In his budget speech the Honourable Minister of Finance mentioned that the consultation process may be modelled on the UK consultations of 2014. We think that could be a good starting point. We do note however, that the UK process started with a published report written by Sir Ian Wood, which advocated an overall switch in the guiding economic philosophy for the UKCS, and then asked companies and other stakeholders to present evidence to support the proposed changes in a structured consultation process over a three-month period. For the consultation process to yield benefits, it must be inclusive and extend beyond a single big meeting with stakeholders.

In my speech to this conference last-year I emphasized the fact that the declining commodity price environment meant that we needed to have a single-minded focus on competitiveness. Within the industry I think that there has been an increasing focus on competitiveness. Operators and service companies have been in dialogue about how we can improve efficiency and innovative ways of cutting costs – and though we have taken some ground, my sense is that there are still significant productivity and efficiency opportunities we must access to ensure the competitiveness of our industry – working together we can do this.

Outside of the energy sector, in the nation as a whole, I think that the conversation on the importance of competiveness is really an early stage conversation – stimulated perhaps Prime Minister by your address to the nation on the 27th December 2015.

But it has now started and it is vital that we really take a serious and focused look at the competiveness of our economy. For a small open economy like Trinidad & Tobago, diversification essentially means diversification of our exports. We have to focus our economic policies on helping our companies sell a more diversified range of goods and services to the rest of the world. Competiveness is therefore absolutely key to any discussion on diversification.

Companies within the energy sector have a vital role to play in diversifying our service exports. Many T&T-based energy service companies already meet the high international standards demanded by the global oil and gas industry, otherwise they would not be able to do business with the major multi-national companies resident in the country. This gives them an advantage in breaking into export markets, but they need support from the national agencies with this responsibility.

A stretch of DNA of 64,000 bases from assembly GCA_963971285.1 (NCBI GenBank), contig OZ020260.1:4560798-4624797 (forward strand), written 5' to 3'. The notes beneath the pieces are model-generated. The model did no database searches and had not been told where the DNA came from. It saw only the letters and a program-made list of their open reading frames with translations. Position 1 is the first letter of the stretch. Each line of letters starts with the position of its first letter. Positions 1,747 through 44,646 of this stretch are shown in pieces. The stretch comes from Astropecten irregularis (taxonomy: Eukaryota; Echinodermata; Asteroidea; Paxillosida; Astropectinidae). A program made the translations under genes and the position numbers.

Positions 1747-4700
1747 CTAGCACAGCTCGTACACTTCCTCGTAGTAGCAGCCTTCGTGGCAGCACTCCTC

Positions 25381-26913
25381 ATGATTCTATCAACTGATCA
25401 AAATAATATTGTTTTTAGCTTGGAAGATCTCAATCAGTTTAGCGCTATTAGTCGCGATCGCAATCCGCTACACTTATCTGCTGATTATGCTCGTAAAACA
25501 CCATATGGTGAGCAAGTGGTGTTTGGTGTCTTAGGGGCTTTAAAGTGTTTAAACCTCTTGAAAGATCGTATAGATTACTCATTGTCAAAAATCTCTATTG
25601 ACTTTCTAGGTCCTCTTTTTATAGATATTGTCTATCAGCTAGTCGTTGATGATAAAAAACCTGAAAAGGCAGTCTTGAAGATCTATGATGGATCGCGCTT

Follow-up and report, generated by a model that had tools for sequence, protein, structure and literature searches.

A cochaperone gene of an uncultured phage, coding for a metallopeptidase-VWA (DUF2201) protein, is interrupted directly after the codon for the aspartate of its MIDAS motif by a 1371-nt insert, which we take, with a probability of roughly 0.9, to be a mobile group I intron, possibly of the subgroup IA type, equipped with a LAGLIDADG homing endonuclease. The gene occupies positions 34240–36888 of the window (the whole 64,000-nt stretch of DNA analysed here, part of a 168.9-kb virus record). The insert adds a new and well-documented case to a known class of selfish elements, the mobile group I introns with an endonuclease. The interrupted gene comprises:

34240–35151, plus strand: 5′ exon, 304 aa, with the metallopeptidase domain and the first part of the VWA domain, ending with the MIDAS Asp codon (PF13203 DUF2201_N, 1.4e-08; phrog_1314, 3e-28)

The recent Liza oil discovery in Guyana represents a significant opportunity for T&T-based companies but we need to forge the right relationship and the right partnerships with both the public and private-sectors in Guyana to make sure we take full advantage of those opportunities for both of our countries. I am delighted that the Honourable Raphael Trotman, the Minister of Governance, Natural Resources and the Environment from Guyana has been able to join us for this conference.

In addition to exporting more, we also have to be conscious about preserving our foreign exchange and, as far as possible, importing less. This is where local content can play an extremely important role in overall national economic policy. However, we must concentrate on building genuine local content and focus on retaining as far as possible the value of expenditure by the major operator companies in the country. Simply contracting a foreign service or product through a local agent who charges a mark-up on the price, without adding any value, will neither help competitiveness nor build sustainable local companies.

The Energy Chamber has adopted an approach to local content that concentrates on building the capability and capacity of local energy service companies and contractors. This approach fits well with the emphasis on ensuring we are a competitive location able to attract direct foreign investment at the same time as building our export capacity. Local content should always be about long-run sustainability; about improved productivity – about enhancing competitiveness – in other words, strengthening our local service companies and enabling them to successfully compete to gain market share both here and abroad.

The work that the Energy Chamber has done on improving standards is crucial in this regard – high standards drive competitiveness and enhance capability but we also need to ensure we have structures in place to help local enterprises meet and surpass these standards. That is what the Chamber remains focused on.

Ladies and gentlemen, this year marks the 60th anniversary of the Energy Chamber. Over that sixty-year history our Chamber and our predecessors have faced and overcome many challenging events that gripped this Industry and this Country. I am confident that given the strength of the Chamber today, that we will not only overcome the present challenges we face, but that we will make a strong contribution towards ensuring our nation emerges from this current storm, with a stronger and more robust economy. Let us not forget that many of the reforms that came in the late 1980s and early 1990s helped drive forward the period of rapid growth in our economy from the mid-1990s onwards.

The hydrocarbon industry in Trinidad & Tobago still has a long-life ahead of it. There are many exciting opportunities that lay ahead, including the upcoming deepwater exploration campaign. If we go about a process of structural adjustment over the next few years, in a sensible and focused manner, we will come out of this current challenging period stronger than we went in. So I want to end on that positive note – the current crisis brought about by low commodity prices has the potential to create significant transformation for our economy and society. We all need to work collaboratively to make that possible.